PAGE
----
Babies' umbilical cords may be key to preventing diabetes
Australian researchers are conducting a world-first study to try to prevent the onset of type 1 diabetes by treating children with their own umbilical cord blood.
They hope the blood, rich in stem cells and immune cells, will help reboot the immune systems of children at risk of the condition, which occurs when the body attacks and kills its own insulin-producing cells, the Sydney Morning Herald reported.
Mark Kirkland, the medical director of Cell Care and a co-investigator for the study, said worldwide about one in every 2000 to 2500 people with cord blood stored used it, partly because it was an emerging industry and the blood might not be useful for many years.
"It's one of these catch-22 situations that people are storing cord blood in the hope that it will be a future therapy, but a lot of the diseases you are hoping to treat with cord blood won't happen in that population for years or even decades," the paper quoted Associate Professor Kirkland as saying.
The study leader, Maria Craig, said type 1 diabetes had an enormous impact on the children who developed it.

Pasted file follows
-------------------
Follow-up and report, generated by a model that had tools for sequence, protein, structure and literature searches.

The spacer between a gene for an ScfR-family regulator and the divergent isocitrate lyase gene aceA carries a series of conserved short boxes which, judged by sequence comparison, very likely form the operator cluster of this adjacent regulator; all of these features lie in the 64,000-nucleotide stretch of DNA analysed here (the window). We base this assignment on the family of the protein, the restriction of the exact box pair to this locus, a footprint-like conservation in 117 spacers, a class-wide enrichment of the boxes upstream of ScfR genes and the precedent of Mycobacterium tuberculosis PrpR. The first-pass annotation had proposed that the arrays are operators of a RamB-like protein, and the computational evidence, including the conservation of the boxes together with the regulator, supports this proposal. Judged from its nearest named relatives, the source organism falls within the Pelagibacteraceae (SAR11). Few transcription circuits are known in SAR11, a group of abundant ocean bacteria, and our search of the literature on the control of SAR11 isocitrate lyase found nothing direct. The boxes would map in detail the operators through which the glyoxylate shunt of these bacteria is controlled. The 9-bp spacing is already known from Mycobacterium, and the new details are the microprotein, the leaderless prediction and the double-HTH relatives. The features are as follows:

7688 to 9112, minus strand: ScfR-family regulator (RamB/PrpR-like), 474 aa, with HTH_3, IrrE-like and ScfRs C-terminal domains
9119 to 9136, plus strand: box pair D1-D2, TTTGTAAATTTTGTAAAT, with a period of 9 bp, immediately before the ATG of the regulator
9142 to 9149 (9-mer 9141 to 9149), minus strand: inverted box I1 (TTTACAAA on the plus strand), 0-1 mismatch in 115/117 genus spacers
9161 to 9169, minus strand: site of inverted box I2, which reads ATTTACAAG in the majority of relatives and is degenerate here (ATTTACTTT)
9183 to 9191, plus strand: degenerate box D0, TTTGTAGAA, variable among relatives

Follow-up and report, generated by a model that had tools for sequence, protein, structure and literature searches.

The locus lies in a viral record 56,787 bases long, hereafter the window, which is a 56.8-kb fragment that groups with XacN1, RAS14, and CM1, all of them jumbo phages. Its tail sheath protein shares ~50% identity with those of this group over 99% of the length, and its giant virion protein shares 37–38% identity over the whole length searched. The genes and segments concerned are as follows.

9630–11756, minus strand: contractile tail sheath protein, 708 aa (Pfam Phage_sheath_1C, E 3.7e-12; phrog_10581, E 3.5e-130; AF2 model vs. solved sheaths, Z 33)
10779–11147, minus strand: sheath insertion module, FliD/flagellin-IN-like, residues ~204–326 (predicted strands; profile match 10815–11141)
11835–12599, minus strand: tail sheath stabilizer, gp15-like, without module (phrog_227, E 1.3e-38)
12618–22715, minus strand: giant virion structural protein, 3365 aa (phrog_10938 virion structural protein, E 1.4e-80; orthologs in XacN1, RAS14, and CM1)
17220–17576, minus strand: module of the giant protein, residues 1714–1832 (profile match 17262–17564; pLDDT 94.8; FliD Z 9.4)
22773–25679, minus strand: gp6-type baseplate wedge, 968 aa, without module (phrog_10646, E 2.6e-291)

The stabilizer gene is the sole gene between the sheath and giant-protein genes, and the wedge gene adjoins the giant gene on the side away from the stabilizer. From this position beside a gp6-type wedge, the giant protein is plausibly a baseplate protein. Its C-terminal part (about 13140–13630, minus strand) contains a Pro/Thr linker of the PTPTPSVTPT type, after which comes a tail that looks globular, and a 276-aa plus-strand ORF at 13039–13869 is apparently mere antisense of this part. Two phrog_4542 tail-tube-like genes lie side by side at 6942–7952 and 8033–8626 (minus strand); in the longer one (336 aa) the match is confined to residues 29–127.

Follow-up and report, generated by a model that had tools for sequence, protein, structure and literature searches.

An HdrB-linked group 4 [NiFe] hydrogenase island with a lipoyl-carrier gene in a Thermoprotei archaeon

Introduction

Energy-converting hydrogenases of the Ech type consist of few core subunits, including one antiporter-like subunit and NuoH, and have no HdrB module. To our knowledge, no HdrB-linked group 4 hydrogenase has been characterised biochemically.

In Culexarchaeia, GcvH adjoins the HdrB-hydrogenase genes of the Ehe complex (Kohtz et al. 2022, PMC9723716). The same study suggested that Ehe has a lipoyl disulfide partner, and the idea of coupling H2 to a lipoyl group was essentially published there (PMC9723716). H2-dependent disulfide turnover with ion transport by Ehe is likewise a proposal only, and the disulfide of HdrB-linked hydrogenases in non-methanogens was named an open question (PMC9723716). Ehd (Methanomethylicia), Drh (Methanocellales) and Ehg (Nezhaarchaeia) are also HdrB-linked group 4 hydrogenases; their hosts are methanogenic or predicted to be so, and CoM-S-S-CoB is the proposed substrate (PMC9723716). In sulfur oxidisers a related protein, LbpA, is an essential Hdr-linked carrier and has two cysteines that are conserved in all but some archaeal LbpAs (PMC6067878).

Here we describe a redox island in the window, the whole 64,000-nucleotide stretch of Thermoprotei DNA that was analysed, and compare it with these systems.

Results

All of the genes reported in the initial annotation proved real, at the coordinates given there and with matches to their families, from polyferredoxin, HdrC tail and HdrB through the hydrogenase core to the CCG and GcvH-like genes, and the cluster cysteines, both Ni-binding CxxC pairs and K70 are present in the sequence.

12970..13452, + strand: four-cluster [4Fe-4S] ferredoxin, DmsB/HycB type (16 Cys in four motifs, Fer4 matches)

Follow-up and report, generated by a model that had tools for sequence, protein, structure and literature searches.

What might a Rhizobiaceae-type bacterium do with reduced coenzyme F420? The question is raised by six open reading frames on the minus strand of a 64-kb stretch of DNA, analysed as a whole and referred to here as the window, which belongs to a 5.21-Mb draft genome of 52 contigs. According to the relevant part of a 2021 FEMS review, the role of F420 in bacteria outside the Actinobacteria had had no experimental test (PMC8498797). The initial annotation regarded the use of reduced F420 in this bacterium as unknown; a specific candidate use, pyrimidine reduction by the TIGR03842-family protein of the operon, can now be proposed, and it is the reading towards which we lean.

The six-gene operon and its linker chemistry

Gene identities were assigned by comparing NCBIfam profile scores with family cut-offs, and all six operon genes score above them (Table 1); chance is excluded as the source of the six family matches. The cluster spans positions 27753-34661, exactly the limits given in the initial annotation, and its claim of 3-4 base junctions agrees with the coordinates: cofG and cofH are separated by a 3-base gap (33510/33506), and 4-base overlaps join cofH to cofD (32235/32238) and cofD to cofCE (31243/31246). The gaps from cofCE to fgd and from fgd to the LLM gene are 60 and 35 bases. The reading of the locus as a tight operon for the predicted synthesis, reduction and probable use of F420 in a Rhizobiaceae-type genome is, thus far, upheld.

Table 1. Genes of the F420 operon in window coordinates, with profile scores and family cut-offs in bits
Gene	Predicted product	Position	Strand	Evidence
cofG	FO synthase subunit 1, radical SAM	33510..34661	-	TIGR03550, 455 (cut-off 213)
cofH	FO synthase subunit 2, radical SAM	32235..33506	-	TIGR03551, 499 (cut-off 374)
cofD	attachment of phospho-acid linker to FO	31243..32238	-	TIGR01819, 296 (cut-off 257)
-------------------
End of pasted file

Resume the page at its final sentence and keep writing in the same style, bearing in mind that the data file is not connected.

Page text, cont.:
More than 3000 children are born each year who have a first degree relative with type 1 diabetes, putting them at an increased risk of developing it.
Craig, a paediatric endocrinologist at the Children's Hospital at Westmead, said children aged between one and 12 who have a close relative with the condition and cord blood stored with the private bank Cell Care Australia would be eligible to participate in the study.
Families that chose to bank the blood now would also be eligible to participate once the children were 12 months old, he said.
The children will be screened for antibodies that indicate they are at risk of type 1 diabetes, and those with two or more could enrol in the study.
Other conditions where there was hope for future cord blood use included multiple sclerosis and stroke, and studies were currently underway overseas looking at using cord blood to treat congenital deafness and brain trauma.
The research team hope to screen between 600 and 800 children, of whom about 3 per cent are likely to be eligible to participate in the study, which will be run through the Kids Research Institute at the Children's Hospital at Westmead.